Edgar Allan Poe was one of the most recognized poets of the 19th century. He was born on January 19, 1809, in Boston, Massachusetts, USA.
An American poet, critic, and writer, his horror and mystery tales initiated the modern detective story. His most celebrated work includes his poem ‘The Raven,’ which both critics and the general public admired.
He died on October 7, 1849. It turned out that his death was as mysterious as his stories. This mystery still needs to be solved. No aspect of his life was so fascinating as that of his death.
“Maybe it’s fitting that since he invented the detective story, he left us with a real life mystery.”
-Chris Semtner, curator of Poe museum
On October 3, 1849, Edgar Allan Poe, in a frenzy, was found in Baltimore, Maryland. He was wearing clothes that did not belong to him. After being taken to the Washington College Hospital, no one could comprehend how he ended up being like this. When he was in the hospital, he never gained enough consciousness to explain how he came to be in such a condition. On Sunday, October 7, he died at about 5 p.m.
Even though his death certificate states ‘phrenitis’ or brain swelling as the cause of death, no one believes it to be true. As a result, numerous speculations and theories regarding his death were made.
The top Theories behind Edgar Allan Poe’s Death
Death due to alcohol is one of the most popular theories about the death of Edgar Allan Poe. Those around the writer during his final days are sure that he drank himself to death. It is no mystery that the author did drink a lot.
R.H.Stoddard states in his memoir, “It was believed that in Baltimore he drank with a friend while waiting between trains, in consequence of which he took a wrong train and proceeded as far as Havre de Grace, whence he was brought back to Baltimore by the conductor of Philadelphia train in a state bordering on delirium.”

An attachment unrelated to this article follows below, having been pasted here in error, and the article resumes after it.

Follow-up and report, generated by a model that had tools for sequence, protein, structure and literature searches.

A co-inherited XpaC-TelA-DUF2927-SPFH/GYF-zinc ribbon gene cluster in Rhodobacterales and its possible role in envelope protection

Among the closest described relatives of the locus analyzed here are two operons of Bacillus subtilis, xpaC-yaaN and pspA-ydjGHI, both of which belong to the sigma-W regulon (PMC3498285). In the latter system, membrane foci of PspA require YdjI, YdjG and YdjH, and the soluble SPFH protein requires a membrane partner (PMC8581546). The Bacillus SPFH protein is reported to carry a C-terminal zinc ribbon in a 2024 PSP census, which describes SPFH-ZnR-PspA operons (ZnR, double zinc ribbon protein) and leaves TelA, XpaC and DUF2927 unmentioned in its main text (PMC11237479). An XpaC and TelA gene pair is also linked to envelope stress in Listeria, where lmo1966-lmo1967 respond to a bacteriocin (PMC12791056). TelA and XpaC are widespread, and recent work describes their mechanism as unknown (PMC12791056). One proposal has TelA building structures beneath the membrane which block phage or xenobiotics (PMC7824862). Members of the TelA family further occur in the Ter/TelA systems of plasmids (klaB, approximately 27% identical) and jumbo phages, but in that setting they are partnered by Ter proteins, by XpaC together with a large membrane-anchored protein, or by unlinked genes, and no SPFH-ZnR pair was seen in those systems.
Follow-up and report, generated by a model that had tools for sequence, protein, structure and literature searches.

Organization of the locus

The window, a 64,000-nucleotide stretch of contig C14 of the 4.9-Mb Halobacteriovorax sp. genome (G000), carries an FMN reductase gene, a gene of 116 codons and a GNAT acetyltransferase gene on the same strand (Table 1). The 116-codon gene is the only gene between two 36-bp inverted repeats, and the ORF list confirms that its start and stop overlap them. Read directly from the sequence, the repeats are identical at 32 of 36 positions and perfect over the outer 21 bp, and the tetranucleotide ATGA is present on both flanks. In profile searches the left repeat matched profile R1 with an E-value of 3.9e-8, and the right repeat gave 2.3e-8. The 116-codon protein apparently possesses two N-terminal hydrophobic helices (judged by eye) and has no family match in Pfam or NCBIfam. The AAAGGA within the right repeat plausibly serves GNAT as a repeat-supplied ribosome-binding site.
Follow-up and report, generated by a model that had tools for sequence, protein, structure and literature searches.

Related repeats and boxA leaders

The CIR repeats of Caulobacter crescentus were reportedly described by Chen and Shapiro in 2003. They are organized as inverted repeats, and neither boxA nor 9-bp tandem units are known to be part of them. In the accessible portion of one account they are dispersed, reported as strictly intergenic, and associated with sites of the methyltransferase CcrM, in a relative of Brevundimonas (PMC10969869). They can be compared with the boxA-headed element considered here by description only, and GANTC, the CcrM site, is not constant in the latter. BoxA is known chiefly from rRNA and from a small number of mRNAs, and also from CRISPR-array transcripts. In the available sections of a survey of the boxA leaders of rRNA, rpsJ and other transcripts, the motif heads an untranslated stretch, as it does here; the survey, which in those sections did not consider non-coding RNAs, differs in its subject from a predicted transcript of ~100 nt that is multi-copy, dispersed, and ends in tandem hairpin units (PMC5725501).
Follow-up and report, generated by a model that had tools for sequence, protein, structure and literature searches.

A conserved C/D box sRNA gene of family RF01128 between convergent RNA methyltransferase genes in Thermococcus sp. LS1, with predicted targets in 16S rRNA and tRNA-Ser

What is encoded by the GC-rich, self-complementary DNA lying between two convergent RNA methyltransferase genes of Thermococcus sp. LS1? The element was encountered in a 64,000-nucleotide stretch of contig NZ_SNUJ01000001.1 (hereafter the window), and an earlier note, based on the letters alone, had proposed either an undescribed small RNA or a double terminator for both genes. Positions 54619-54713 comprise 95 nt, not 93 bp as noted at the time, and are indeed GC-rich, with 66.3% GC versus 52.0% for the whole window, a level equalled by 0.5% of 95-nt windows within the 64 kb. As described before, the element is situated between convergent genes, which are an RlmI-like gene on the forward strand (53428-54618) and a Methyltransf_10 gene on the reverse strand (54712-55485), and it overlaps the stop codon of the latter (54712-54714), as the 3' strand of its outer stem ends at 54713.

This theory was criticized because it fails to explain why Poe had disappeared for five days before his death and how he ended up in clothes that were not his.
2. Carbon Monoxide Poisoning
Albert Donnay, a public health researcher, in 1999 took clippings of Poe’s hair(shown in the image below) and tested them for certain heavy metals. He believed that the author’s death resulted from carbon monoxide poisoning from coal gas used for indoor lighting in those times. The tests conducted by him were indecisive and, as a result, were refuted by historians.
3. Brain Tumour
A theory that explains his behaviour before his death is the ‘brain tumour’ theory. They built a statue twenty-six years after his death, honouring the famous author. In addition, they also dug up his coffin to move his remains to the new place. One of the workers stated that there was a mass rolling around inside Poe’s skull.
Matthew Pearl was quite intrigued by this mass. He had written a novel about Edgar Alla Poe’s death(in the image above). After contacting a forensic pathologist, he found out that the clump couldn’t be his brain but could be a tumour that can calcify after death into hard masses.
Another theory, a less sinister one, suggests that the author might have succumbed to the flu. According to newspaper reports, the flu might have later on turned into pneumonia. It was raining in Baltimore at that time when Poe was in Baltimore.
Chris Semtner believes that this may be why the author was in someone else’s clothes when found. According to him, the cold and the rain infuriated the flu, which eventually led to pneumonia. His delusions and hallucinations before death may result from the high fever that he was suffering from.
This theory has come to light recently and has become popular with Poe’s fans since it involves a murder plot. This theory came forward by author John Evangelist who wrote the book ‘Midnight Dreary- The Mysterious Death of Edgar Allan Poe (in the image below) in 2000.
The theories about Edgar Allan Poe’s death suggest that the brothers of his wealthy fiance, Elmira Shelton, may have murdered him. While Poe was in Philadelphia, he argues that his fiance’s three brothers ambushed him and warned Poe against marrying their sister.
Edgar Allan Poe was frightened by this and so disguised himself in someone else’s clothes and hid in Philadelphia for about a week before going back to Richmond to marry Shelton. Her brothers caught him in Baltimore, beat him, and forced him to drink whiskey, which they knew would ultimately lead to his death.
None of the theories about Edgar Allan Poe’s death has confirmed the writer’s cause of death. Various sources say that the end of Edgar Allan Poe was almost as grim as one of his own gruesome stories.
About The Author
Nuvita Kalra. 19. Law Student. Bookworm. She believes in simple living and high thinking.